I disagree, The. If you have a Cartesian view of the human person, you are going to have very different things to say about "resource distribution, social concerns, &c," than if you were to have say...Hume's or Mill's.
Descartes says that the human person is a "res cogitans," entirely set apart from all other creatures in this respect. Animals are but automatons. If you hold this view, you're certainly not going to join PETA (I am something of a Cartesian in this respect).
If you are a Lockean, you are going to have a very different view of property rights than if you are...I don't know...a Marxist.
Furthermore, your view of "The History of Philosophy" is far too narrow. By "The History of Philosophy," I mean everyone from Thales to Heidegger, from Plato to the French Continentals. These different philosophers have a whole lot to say individually about a -lot- of different subjects, not to mention when you look at the entire scope of the history of philosophy.
Simply put, I think you are wrong when you say that our predecessors aren't able to help us in our modern concerns. There are no new problems, The. If there appear to be "new" problems, they're actually old problems in modern dress.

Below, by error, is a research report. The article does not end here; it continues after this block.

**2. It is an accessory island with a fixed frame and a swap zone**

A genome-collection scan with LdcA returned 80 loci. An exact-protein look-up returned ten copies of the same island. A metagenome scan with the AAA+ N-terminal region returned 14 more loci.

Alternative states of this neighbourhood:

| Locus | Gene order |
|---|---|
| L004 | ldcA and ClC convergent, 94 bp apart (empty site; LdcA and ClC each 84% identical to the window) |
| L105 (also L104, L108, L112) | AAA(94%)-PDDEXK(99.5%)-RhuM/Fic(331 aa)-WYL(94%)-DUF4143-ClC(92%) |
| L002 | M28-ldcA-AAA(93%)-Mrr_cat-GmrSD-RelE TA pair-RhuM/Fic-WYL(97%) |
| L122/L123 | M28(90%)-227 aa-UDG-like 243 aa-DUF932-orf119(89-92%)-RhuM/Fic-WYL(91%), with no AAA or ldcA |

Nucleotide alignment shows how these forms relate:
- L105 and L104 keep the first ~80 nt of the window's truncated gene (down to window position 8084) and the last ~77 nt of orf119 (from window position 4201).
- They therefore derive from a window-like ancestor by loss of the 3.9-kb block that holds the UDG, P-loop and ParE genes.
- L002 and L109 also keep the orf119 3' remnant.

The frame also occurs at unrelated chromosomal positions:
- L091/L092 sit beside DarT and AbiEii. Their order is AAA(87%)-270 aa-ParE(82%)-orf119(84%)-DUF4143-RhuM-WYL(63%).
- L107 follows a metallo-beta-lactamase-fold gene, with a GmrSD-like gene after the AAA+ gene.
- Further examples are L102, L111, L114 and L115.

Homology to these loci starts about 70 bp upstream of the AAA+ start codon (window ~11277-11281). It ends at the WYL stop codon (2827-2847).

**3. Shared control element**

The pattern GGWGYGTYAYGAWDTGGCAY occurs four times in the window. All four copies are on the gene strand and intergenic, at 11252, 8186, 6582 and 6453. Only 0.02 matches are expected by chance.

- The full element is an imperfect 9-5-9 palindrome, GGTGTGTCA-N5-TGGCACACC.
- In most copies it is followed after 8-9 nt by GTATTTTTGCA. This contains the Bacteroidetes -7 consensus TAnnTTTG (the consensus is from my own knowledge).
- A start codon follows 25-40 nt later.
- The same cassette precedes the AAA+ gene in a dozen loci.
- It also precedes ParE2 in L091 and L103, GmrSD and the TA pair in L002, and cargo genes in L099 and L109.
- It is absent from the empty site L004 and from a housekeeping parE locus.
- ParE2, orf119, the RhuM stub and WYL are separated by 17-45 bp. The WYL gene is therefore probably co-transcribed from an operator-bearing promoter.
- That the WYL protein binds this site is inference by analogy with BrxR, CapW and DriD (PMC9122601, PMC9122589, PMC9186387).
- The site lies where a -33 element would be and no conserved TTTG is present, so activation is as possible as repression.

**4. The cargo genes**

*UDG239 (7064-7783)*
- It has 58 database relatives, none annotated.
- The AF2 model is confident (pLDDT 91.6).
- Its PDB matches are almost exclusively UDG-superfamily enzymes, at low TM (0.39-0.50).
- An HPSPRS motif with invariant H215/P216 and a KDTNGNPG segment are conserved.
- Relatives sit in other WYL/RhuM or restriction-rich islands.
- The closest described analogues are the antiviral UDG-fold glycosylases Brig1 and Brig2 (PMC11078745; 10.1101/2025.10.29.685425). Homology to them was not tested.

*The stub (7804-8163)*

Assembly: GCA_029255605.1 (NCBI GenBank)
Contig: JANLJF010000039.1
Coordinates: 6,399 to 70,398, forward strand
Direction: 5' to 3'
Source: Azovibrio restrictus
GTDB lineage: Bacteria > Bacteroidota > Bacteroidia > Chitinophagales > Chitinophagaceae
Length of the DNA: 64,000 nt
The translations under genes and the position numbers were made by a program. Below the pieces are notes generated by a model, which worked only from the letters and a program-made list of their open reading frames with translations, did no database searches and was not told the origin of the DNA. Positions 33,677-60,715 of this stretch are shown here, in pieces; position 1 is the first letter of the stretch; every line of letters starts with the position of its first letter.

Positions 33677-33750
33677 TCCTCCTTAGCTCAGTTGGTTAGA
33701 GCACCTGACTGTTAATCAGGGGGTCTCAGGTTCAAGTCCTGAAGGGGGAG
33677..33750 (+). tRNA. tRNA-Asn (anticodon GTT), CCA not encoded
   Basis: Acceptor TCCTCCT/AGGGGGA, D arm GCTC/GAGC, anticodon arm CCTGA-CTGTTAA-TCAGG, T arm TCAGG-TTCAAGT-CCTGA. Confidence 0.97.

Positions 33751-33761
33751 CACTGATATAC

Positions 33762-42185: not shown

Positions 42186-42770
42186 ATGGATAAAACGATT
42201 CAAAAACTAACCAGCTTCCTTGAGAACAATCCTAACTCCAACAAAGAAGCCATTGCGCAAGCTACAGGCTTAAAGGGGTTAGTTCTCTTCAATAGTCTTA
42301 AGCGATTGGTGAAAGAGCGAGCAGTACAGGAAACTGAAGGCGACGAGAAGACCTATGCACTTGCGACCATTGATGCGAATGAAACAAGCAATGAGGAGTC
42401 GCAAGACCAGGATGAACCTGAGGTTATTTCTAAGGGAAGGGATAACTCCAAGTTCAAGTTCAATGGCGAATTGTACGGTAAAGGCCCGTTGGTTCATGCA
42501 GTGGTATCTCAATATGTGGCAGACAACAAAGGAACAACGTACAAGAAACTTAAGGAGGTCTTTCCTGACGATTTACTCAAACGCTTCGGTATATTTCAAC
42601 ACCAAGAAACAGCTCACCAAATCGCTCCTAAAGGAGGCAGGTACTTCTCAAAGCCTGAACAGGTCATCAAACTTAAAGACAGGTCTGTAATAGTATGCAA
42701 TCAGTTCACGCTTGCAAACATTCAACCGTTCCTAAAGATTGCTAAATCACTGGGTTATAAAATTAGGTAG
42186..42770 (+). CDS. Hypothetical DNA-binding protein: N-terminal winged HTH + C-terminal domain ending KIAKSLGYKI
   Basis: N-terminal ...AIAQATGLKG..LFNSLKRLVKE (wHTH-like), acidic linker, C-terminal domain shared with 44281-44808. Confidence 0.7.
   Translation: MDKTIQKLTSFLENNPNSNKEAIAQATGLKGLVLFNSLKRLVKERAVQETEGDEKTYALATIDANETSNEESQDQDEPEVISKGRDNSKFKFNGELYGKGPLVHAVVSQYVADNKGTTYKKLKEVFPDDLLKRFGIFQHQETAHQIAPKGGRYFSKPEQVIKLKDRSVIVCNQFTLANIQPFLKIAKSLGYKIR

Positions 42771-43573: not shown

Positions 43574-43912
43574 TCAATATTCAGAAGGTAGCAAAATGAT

"Resource distribution"? What's your view of property rights? If you are a Kantian or a Lockean, you'll have different stuff to say about "resource distribution" than if you are a Marxist or a Utilitarian. Mill says to do whatever leads to the happiness (defined as the satisfaction of desires) of the greatest number, whereas Locke tells us that there is no "right" distribution system. There's only "right" modes of transaction. What "resource distribution"? This thing is mine. I have mixed my labor with it, or I have gained it by a lawful contract. What right do you have to take this from me, this, to which I have an inalienable right of property?
"Social concerns"? What's your view of the human person? If you view the human person as a part of nature, like Spinoza, then you are going to have a very different view of these social issues than if like Kant and like the Doctors and Fathers of the Church, you view man as being called to a supernatural end, since he is created in the image and likeness of God.
"Environmental issues"? Locke says "No spoilage." Are you a Lockean?
I am sure you can see where I am going with this.